Most practitioners begin their open journey with existing content, so there is nothing wrong with this approach. However, in the longer term, proprietary file formats are difficult to remix – consider what it takes to revise a PDF without the source file. Most university staff don’t have access to the full suite of Adobe products, and this presents an immediate barrier. There are plenty of ways around this, but a degree of persistence is required.
It might seem as though I’m maligning the PDF alone, but the same applies to Windows Media Player files, iTunesU lectures, and any proprietary file format (such as Amazon’s version of EPUB3, the .azw file that means you can’t read your Kindle books without a Kindle or the Kindle app).
Here’s the challenge to consider: if you are serious about sharing your work and have a desire for others to (re)use the material, provide it in multiple file formats. For example, I use Open Office to compose text documents (all the work for this course was done in .odt files). I need to create this base file if I wanted a .pdf, or if I wanted to upload it to a Learning Management System (LMS) anyway so it’s not an extra step. When I store the contents of this course, I simply upload the original working document (.odt), with the resulting other file formats. The same would apply if you were creating material for a platform like iTunesU. You need to create an .mp3 (audio file) or .mp4 (video file) to upload, so it isn’t extra work to provide a link to the source file for others.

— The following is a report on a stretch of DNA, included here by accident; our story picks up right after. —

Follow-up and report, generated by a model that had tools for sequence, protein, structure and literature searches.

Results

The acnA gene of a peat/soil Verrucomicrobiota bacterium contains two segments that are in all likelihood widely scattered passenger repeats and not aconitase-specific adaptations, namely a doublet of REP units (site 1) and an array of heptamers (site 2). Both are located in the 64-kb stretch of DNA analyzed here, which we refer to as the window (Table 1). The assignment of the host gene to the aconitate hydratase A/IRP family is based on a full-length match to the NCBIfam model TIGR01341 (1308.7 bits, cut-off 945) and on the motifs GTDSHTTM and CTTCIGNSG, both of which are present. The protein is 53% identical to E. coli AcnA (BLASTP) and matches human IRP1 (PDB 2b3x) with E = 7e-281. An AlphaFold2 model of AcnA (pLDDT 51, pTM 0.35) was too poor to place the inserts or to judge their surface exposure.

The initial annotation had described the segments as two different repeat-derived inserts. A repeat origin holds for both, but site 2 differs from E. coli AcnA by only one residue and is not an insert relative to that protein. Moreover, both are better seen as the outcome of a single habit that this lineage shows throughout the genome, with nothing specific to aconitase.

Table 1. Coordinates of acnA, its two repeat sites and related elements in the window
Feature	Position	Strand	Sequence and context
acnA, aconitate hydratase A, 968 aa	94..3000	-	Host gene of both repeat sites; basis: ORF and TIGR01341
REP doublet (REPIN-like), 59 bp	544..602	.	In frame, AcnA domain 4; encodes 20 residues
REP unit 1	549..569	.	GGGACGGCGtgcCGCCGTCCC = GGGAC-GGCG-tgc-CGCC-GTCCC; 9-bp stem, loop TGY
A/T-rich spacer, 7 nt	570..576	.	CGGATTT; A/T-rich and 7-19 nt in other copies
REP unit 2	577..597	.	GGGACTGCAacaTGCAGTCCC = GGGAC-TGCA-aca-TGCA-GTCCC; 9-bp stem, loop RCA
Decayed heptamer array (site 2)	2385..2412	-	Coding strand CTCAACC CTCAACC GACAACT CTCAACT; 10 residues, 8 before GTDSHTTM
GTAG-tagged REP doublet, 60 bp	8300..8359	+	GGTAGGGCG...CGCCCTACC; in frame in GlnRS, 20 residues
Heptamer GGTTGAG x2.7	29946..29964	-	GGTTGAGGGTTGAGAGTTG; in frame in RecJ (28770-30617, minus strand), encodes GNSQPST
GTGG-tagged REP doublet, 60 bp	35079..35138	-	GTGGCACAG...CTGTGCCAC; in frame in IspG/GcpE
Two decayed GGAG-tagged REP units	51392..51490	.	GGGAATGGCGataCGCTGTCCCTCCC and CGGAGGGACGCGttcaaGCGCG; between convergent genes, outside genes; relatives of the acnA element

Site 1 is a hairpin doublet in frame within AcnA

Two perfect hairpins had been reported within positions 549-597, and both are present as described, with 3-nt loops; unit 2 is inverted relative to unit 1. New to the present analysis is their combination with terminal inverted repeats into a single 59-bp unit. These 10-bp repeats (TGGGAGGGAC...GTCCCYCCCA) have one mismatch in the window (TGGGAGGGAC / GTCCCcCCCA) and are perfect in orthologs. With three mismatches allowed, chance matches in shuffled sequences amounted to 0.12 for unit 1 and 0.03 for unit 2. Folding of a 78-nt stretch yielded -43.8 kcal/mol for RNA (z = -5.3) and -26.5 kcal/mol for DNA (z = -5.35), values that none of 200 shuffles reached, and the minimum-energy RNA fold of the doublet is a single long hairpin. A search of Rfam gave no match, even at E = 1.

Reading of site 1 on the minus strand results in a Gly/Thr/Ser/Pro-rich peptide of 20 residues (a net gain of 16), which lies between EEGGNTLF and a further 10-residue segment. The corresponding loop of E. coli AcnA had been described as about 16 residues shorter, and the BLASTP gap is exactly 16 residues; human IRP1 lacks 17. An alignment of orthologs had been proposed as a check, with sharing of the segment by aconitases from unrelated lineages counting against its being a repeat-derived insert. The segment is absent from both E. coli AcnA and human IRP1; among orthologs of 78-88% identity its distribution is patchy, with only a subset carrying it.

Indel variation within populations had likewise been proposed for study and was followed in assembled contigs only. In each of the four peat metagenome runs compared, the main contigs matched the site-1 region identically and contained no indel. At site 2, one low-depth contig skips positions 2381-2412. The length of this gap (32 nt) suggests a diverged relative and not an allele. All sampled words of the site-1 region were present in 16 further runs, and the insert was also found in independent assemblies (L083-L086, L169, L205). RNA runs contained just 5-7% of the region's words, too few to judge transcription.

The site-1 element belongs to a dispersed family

Check back over the Comments section now and see if you can spot any trends in the file formats most often used. Do they help with OEP?
The Selfish Giant, and higher education
For those of you unfamiliar with the Oscar Wilde’s ‘The Selfish Giant‘, here’s the link to a Public Domain version that you can read now. Go on, this is an online course, so I’ll still be here when you get back.
The Selfish Giant’s Walled Garden is a place of beauty, but for it to be enjoyed by more than himself, the children need to circumvent the security and essentially break in. At the risk of labouring the analogy, university repositories are the same way – lots of brilliant material is locked away with no access unless you’re either part of the staff or doing something illegal.
Due to Federal Government funding arrangements, taxpayers money was spent on repositories with the mandate to open up research to society in general. Whilst the repository movement has caught on strongly in learning and teaching, the sharing notion has not. I’d be interested to know if your institution has an open repository for educational resources, not just research.